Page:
As globalization advances, the flow of information across countries becomes increasingly important. This is particularly true in securities markets, and the process by which stocks incorporate this international information flow is complicated. Since the world's securities markets are not open at the same time, price changes in one market are not reflected in another market's trading until it opens. Furthermore, arbitrage, which aligns prices of similar goods in different markets, is difficult to conduct across countries and regulators. Previous studies have analyzed the international flow of information in the market for American Depository Receipts (ADRs). Kato, Linn, and Schallheim (1991) find that the ADR market does not offer persistent arbitrage opportunities. In contrast, Kim, Szakmary, and Mathur (2000) find that ADRs overreact to changes in the U.S. stock market and underreact to changes in the underlying stock prices. While these studies of ADRs offer insight into the international linkages of stock markets, several characteristics of these securities make them unique examples of how prices are transmitted across nations. First, large price differences in the ADR market can be arbitraged away by the creation or cancellation of these securities. This mechanism for the arbitrage of prices across countries does not exist for the vast majority of securities. Second, it is difficult to tell if investors are trading ADRs to profit from trends in the company or the country. Finally, institutional investors, who are generally considered to be relatively sophisticated, often engage in a substantial portion of the trading in these securities. Thus, the prices of ADRs may not be as sensitive to the sentiments of individual investors. While prior studies have examined the price transmission dynamics of ADRs, little is known about how daily price changes from foreign markets affect the values of closed-end country funds (CEFs) and exchange-traded funds (ETFs), which have different characteristics than ADRs. Unlike ADRs, the shares of CEFs cannot be easily arbitraged. As these funds hold a diversified portfolio of assets, the trading activity in these funds is less likely to reflect company-specific information than the trading in ADRs. While previous studies on country funds have used weekly data on NAVs, this weekly data is not of sufficient frequency to provided insight into the short-term transmission of information across markets. An ETF is another type of investment company that is commonly used for international diversification. Like CEFs, ETFs own a portfolio of securities and trade on an exchange like ADRs. However, ETFs can be arbitraged through the fund distributor using an in-kind process. This process may cause ETF prices to quickly reflect the returns in foreign markets. We add to the literature by analyzing the transmission of price changes between ETF and CEF markets and their respective underlying portfolios. Our first objective is to use a vector autoregression model (VAR) to examine the daily dynamics of how fund prices respond to changes in underlying values. The impulse response functions from the VAR model reveal that shocks to NAV affect ETF prices for only two days at most but influence over three-fourths of the CEF prices for at least three days. Our second objective is to determine the sensitivity of fund prices to daily domestic stock returns. We find that the vast majority of CEF and ETF returns have a negative relation with either the one-day or two-day lagged domestic return. Finally, we examine whether ETFs process information more efficiently than CEFs. Despite the relative ease with which ETFs can be arbitraged, their returns underreact to portfolio returns and overreact to domestic stock returns like CEF and ADR returns. We examine the profitability of a trading strategy using these relationships and find that trading costs in ETFs need to be about half the level of transaction costs for CEFs to eliminate profitability.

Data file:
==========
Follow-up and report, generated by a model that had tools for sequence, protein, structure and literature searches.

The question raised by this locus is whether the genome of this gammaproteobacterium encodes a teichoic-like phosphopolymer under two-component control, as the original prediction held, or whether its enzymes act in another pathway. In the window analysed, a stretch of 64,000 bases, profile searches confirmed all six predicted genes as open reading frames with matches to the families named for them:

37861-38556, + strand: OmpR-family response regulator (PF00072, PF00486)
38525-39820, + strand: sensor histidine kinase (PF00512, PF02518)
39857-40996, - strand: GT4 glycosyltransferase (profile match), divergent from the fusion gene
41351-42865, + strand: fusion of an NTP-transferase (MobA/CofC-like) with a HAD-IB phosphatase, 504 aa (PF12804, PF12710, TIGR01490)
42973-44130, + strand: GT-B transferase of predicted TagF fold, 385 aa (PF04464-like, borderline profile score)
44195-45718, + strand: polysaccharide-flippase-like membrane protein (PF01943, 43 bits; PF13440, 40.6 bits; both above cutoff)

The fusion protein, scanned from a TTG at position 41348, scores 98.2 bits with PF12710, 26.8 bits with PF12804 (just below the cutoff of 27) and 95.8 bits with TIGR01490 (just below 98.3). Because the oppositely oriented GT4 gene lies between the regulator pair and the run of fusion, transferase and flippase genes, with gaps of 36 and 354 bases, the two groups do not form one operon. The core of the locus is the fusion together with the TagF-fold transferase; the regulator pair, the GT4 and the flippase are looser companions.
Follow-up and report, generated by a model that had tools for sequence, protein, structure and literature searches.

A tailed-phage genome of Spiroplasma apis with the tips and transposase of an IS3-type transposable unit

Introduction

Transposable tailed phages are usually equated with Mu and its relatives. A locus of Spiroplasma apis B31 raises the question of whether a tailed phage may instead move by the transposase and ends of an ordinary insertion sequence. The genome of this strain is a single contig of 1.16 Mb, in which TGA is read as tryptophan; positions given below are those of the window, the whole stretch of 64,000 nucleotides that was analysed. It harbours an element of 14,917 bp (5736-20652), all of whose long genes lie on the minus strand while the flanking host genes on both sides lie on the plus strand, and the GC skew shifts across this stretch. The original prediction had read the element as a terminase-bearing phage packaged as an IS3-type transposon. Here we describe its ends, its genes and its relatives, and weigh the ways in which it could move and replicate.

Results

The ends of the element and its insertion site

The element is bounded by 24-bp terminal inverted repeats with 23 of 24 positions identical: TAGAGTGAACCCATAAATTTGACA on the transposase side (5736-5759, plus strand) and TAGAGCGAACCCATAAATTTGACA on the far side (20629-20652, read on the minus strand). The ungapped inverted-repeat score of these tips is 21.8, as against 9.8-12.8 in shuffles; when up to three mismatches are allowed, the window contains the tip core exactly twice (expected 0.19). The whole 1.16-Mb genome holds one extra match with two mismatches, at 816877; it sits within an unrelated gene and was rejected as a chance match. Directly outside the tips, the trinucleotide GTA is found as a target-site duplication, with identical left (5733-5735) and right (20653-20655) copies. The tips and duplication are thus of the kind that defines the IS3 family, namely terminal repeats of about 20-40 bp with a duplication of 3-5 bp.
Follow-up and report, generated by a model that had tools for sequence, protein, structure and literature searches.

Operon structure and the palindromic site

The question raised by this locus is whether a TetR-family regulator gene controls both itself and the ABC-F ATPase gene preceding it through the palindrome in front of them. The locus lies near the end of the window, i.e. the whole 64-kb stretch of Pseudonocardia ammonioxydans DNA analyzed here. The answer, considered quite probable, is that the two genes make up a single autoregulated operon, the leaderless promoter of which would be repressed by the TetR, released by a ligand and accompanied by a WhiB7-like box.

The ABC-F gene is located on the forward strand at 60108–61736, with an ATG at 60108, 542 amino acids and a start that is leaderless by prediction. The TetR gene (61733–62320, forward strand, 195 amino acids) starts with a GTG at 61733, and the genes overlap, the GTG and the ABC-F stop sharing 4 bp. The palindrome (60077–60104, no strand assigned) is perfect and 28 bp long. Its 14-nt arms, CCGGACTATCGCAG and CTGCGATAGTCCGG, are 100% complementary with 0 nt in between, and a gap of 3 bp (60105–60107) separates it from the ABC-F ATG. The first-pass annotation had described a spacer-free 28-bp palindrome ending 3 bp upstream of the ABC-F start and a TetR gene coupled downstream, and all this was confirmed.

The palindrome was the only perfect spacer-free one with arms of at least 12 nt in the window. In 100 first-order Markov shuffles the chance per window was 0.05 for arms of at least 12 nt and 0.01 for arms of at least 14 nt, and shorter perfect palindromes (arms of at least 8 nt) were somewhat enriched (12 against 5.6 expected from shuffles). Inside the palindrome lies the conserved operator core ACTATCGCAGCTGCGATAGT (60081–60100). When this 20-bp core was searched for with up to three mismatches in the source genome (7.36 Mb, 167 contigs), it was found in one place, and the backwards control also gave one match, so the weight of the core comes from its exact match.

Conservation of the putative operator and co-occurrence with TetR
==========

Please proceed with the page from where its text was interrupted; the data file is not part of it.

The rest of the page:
نتیجه گیری انگلیسی
Many investors desire exposure to a diversified portfolio of foreign stocks while limiting their trading to products on a domestic stock exchange. The two main vehicles for achieving this goal are CEFs and ETFs, but these investment products differ in their liquidity and ability to be arbitraged. Trading in ETFs is generally more active than in CEFs, so the trading costs of CEFs are likely higher. In contrast to CEFs, institutional investors can easily arbitrage ETF shares and minimize any differences between share prices and NAVs. To see how these differences affect the market for these funds, this study investigates the transmission dynamics between fund prices and the underlying portfolio values, exchange rates, and index returns in the foreign and domestic markets. The first conclusion from our analysis is that ETF returns are more closely related to their portfolio returns than are CEF returns. Innovations in the NAV explain 78% of the 5-day ahead forecast error variance for ETF share prices but only 54% of the forecast error variance for CEFs. The impulse response functions show that shocks to the NAV have a positive effect on fund prices and persist for at least three of the five days following the shock for 79% of the CEFs. The impulse response functions for the ETFs reveal that none of the ETF fund prices are affected by a NAV shock for more than two of the five days following the shock. The discrepancy in the way that ETFs and CEFs process information may be due to differences in the ease of arbitrage, market liquidity, or even ownership clienteles. Our second insight into the dynamics of fund prices is revealed from our regression analysis of fund prices. Both CEF and ETF prices underreact to NAV returns but overreact to domestic stock market returns. For 95% of the CEFs and 81% of the ETFs, share prices are positively related to the one-day lagged NAV returns. The two-day lagged NAV returns are a positive influence on 74% of the CEF prices and 13% of the ETF prices. As the prices are slow to reflect changes in NAV, we conclude the shares underreact to changes in underlying value. Both the CEFs and ETFs have a positive relation with the contemporaneous return on the S&P 500 Index. However, over two-thirds of CEF returns and 94% of the ETF returns have a negative relation with either the one-day or two-day lagged domestic return. This result is consistent with previous findings for the ADR market. As fund prices take days to fully reflect changes in NAV and the domestic stock market, we examine the profitability of a simple trading strategy and provide a third contribution to the literature. Using coefficients from only the lagged variables in our regression analysis, the strategy would be unprofitable with roundtrip trading costs of at least 1.38% for CEFs and 0.71% for ETFs. In the ADR market, roundtrip trading costs need to be 0.27% to eliminate the profit from a simple trading strategy (Kim et al., 2000). By some measures, the market for CEFs and ETFs that invest in foreign stocks is less efficient than the market for ADRs. Such inefficiencies may be particularly costly since these funds attract short-term investors who do not want to be restricted by the limited trading opportunities associated with mutual funds.